Rodent Handling and Restraint Techniques
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a dataset collected by the EU Commission in June-September 2018
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Owner/Developer: Journal of Visualized Experiments (JOVE)
United States of America
https://www.jove.com/science-education/10221/rodent-handling-and-restraint-techniques See also https://norecopa.no/scruff and https://norecopa.no/education-training/films-and-slide-shows
JoVE creates the ultimate solutions for advancing research and science education by making and publishing videos of scientific experiments from the top laboratories around the globe.
It has been demonstrated that even minimal handling of mice and rats is stressful to the animals. Handling for cage changing and other noninvasive procedures causes an increase in heart rate, blood pressure, and other physiological parameters, such as serum corticosterone levels. Fluctuations can continue for up to several hours. The methods of restraint required for injections and blood withdrawals also cause physiological changes that can potentially affect scientific data. Training in the proper handling of mice and rats is required to minimise the effects to the animals. Mice and rats can be restrained manually with restraint devices, or with chemical agents. Manual methods and the use of restraint devices are covered in this manuscript. All restraint methods include the process of lifting the animals from their home cage.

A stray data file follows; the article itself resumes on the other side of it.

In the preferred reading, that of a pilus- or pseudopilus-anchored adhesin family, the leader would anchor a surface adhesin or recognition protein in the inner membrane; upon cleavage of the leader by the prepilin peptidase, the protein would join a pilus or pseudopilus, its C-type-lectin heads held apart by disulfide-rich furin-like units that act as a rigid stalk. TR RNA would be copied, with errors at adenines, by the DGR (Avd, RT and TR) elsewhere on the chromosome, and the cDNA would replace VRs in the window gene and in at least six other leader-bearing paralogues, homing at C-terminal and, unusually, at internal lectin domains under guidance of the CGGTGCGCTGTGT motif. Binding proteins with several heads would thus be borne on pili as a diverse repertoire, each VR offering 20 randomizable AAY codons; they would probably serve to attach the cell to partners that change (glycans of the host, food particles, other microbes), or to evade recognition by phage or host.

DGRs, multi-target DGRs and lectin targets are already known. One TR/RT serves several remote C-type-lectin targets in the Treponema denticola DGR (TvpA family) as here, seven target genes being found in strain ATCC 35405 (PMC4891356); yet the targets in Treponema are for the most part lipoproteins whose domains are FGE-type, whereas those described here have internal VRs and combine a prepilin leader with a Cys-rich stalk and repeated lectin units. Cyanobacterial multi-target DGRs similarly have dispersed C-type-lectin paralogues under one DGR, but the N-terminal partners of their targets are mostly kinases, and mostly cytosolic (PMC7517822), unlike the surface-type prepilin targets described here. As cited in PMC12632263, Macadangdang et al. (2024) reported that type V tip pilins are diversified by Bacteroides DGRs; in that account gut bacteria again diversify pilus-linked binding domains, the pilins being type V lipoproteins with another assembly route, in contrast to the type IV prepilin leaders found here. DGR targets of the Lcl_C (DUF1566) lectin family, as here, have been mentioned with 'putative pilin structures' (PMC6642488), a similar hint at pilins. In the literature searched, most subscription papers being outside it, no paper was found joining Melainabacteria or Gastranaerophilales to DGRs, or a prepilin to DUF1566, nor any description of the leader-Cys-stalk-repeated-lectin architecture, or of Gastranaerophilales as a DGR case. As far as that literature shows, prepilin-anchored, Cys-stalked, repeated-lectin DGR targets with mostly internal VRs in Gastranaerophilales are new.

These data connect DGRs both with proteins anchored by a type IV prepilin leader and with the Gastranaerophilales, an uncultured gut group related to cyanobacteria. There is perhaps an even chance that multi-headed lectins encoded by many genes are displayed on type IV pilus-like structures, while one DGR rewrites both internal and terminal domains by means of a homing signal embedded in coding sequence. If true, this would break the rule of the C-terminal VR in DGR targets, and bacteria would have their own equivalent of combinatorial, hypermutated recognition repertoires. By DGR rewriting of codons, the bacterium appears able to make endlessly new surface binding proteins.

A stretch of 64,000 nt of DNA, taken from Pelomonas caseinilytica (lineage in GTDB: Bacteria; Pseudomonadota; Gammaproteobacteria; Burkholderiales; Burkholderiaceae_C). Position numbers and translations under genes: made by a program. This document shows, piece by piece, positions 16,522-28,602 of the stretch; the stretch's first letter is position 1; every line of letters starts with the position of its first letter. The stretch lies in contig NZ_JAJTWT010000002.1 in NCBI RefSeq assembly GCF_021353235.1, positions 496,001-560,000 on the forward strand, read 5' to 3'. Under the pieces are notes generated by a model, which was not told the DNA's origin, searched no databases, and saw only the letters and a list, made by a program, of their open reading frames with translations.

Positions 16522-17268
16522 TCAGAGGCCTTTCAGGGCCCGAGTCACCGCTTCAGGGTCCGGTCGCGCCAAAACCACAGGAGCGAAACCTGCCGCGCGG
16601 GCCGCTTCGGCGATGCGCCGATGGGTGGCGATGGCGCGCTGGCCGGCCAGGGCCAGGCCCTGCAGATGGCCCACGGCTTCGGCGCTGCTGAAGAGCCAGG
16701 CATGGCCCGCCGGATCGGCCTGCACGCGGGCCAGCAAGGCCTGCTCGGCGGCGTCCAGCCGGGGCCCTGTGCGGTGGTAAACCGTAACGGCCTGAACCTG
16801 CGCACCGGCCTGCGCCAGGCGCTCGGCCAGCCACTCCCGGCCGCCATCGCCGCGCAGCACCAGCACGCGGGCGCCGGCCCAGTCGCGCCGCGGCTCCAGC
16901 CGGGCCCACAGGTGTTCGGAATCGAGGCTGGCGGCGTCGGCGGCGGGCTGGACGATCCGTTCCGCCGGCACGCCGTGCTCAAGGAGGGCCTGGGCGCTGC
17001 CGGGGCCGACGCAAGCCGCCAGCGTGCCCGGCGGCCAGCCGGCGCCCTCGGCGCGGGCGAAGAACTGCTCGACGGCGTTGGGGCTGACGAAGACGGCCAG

See also norecopa.no/scruff for details of a refinement of scruffing mice.
Optional / Voluntary
Students, Researchers, Regulators and policy-makers, Teachers and educators, Technicians, Managers, Scientific officers / Project managers, Professionals (e.g. veterinarians), General public
Academia, Industry, Governmental bodies, Contract Research Organizations (CROs), Consulting, SMEs
Undergraduate, University (Bachelor), University (Master), University (Doctoral education), Postdoctoral (teaching and research), Continuing Professional Development
Carrying out procedures on animals
Partial coverage (e.g. a module)
Mice (Mus musculus), Rats (Rattus norvegicus)
|Course level on animal species:||
|Details on the topic or technology covered:||
Routine handling for cage changing and technical procedures is a cause of stress for experimental animals. Although this type of stress is not a threat to the overall wellbeing of the animal, it can cause fluctuations in physiologic parameters that can have an adverse effect on the research data. The use of skilled personnel, proper techniques, and equipment can mitigate some of the stress.
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